This pattern of human behaviour likely stretches all the way back to the beginning of mankind’s existence, ruling the human mind ever since we left the Garden of Eden, but I can at least vouch for its continued existence and dominance since antiquity.  This is significant because it means that even since the very birth of Christianity, there has been friction between the rest of the world and this very different kind of tradition—a kind of tradition in which, among other things, the sacred text is believed to be absolutely true.

At large, the pagan traditions of the ancient Greeks and Romans centred their doctrines around the magnificent works of the epic poets, such as Homer and Vergil, among the which are the yet extant Iliad, Odyssey, and Aeneid, and also many others we have since lost, all of which likely derived from an oral tradition predating the time of Homer around the seventh or eight century BC.  The tales of these epics were called μύθοι (transliteration: muthoi) by the Greeks, from which we get our English word, myth.  This is why the vast body of pagan religious literature in which those works are included is called ‘mythology’ in modern times.  Today, one of the primary meanings of the word ‘myth’ is ‘a false story’, but to the ancient Greeks, a μῦθος was, first and foremost, a story.  Hence, the word itself did not denote these tales as necessarily false, but even in ancient Greece, the word was also used for fables and professed works of fiction.  So, even for the ancient Greeks, as I would argue, there was a looming undertone of falsehood in the connotation of the word.

This semi-modern usage of the word myth is what makes the world of Indian religions, and many similar traditions, go round.  Indian religion is of interest because it is comparable to ancient Greek traditions in this respect.  Just as in ancient Greek mythology, there are many formulations of the same myths, and each one is considered valuable in its own right, though, to account for the contradictions, none of them need be true.  They are myths, didactic fables that have significance in the moral and philosophical principles they present, but not necessarily in their histories.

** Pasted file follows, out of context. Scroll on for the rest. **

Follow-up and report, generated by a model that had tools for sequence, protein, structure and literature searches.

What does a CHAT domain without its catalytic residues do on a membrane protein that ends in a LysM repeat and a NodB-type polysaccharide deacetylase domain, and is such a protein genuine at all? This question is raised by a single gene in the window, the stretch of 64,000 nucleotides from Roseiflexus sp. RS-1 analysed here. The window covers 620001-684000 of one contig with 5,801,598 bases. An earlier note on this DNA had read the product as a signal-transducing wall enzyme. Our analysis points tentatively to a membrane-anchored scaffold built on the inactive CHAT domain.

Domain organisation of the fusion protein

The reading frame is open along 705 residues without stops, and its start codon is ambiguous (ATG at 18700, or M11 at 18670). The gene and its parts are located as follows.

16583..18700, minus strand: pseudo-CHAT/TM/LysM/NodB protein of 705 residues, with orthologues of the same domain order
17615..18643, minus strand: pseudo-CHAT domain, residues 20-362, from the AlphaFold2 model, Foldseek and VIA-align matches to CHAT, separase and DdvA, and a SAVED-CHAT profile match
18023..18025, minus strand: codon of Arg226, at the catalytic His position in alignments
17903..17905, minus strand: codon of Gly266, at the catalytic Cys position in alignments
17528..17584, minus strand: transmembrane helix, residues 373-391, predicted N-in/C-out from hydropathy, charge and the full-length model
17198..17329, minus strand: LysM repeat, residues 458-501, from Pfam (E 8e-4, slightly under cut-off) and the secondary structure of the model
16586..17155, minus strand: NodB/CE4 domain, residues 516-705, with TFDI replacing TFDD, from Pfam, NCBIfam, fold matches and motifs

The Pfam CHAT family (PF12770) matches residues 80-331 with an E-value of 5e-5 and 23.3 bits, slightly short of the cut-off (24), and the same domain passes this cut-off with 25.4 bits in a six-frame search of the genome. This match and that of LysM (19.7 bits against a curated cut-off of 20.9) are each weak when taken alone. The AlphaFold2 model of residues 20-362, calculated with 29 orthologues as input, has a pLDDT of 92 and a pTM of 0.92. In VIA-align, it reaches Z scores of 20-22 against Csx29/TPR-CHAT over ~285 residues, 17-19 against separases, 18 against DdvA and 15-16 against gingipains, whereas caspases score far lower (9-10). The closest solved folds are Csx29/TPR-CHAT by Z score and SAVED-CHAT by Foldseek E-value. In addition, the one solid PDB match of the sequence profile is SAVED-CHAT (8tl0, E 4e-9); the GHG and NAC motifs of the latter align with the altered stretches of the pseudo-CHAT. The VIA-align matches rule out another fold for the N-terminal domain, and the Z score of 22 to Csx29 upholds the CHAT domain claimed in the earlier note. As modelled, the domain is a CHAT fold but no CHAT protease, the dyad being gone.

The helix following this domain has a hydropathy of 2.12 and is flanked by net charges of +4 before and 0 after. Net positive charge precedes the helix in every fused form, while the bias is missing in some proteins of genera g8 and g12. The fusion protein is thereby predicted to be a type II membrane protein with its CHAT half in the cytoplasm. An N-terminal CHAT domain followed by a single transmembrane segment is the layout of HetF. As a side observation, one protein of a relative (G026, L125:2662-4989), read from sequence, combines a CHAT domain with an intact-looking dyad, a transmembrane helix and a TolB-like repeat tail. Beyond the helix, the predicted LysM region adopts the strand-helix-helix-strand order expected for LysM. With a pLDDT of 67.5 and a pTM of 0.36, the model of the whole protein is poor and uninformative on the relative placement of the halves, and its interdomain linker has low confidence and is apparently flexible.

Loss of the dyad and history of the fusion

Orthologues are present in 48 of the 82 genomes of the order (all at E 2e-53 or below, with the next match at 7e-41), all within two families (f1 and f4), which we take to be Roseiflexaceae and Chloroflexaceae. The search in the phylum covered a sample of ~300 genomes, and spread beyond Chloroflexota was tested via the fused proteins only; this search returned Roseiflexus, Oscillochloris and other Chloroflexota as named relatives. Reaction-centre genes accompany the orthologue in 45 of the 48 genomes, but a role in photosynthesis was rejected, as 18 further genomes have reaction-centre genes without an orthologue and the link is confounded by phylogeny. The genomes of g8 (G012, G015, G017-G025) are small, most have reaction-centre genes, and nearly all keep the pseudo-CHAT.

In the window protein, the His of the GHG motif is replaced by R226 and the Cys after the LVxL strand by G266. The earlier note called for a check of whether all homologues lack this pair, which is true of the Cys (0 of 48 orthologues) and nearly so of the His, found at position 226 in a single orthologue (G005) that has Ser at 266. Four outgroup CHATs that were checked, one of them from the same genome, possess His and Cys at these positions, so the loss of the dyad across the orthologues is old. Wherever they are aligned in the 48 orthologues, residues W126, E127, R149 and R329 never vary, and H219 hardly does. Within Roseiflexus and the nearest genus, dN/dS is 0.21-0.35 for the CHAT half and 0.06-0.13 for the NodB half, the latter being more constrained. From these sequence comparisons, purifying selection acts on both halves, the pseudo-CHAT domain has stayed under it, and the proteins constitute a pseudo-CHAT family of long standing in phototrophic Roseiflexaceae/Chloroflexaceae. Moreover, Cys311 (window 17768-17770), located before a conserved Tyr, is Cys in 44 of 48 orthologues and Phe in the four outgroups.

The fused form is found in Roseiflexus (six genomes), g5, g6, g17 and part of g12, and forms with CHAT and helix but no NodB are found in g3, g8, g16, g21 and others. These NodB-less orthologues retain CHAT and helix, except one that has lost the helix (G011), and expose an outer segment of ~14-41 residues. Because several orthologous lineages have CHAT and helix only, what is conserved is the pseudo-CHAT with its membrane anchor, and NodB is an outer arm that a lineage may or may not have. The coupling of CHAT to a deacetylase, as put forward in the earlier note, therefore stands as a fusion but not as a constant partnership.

This is the same sort of religious scene into which a very different kind of story, the true story of Christ, entered some two-thousand years ago.  In principle, Christianity should not have been dramatically different from what preceded it.  We can find the idea of a reversed hierarchy, in which the God of the universe is made to be born, a man, in the humblest of circumstances—we can find something very similar to such a concept in Odysseus’ return to his family as a beggar instead of a hero, after his rightful place as head of the house has been usurped by suitors, just as Christ’s rightful sovereignty was held by the Roman empire.  And the idea of self-sacrifice is all over ancient tales of battle and κλέος, epic glory.  But these things were principles and philosophic ideals that were thought of with a kind of dreamy romanticism; they were the way things ought to be.˚

On the other hand, the radical proposition of Christianity that such stories could be historical fact, and indeed, could be the singular story of God Himself, is something all together unprecedented in human history.  In this way, Christ’s birth is the epitome of what I have called ‘poetic optimism’ in my last post.  Just as Catullus takes the vulgar understanding of love and humanity and transforms it into something better, so does Christ’s birth transform pagan mythology.

As I pointed out in my last post, our word ‘vulgar’ comes from the Latin vulgaris, meaning ‘common’, or ‘that which belongs to the vulgus, the common people’.  This is the way we might describe pagan mythology before Christ.  It was something common, and even, occasionally, something vulgar.  In Greek and Roman mythology, references to love are really references to Venus, sexuality and lust.  But Christmas presents a fresh ideal of love, a transformation of this common thing into something far more weighty and worthy.  It’s the story not of a god falling in love with or lusting over a human, but of the God displaying His sacrificial love that He has born for humanity since He first conceived of her.


˚ On a less serious note, I’d like to point out that the Greeks even mocked the ridiculousness of their own mythology, with one of my favourite examples being a line from Aristophanes’ comedy, Birds: Heracles addresses Poseidon, “Just hold on a minute there, Poseidon, by god!  Do we really want to fight a war over a single woman?  That’s ridiculous!”  I would make a footnote explaining the humour of this line for those of you who may not get it, but this is already a footnote, and right now, making a footnote to a footnote is a little too silly even for me.

φίλει ἐμὲ for now


I once had a professor who took great pleasure in whining about all the short comings of the Christian Church. “Christianity,” he often complained, “is a very nay-saying religion.”  He went to great lengths to illustrate how negative and oppressive the Church has been throughout history. It’s curious, but I can hardly remember him ever saying ‘yea’ to anything.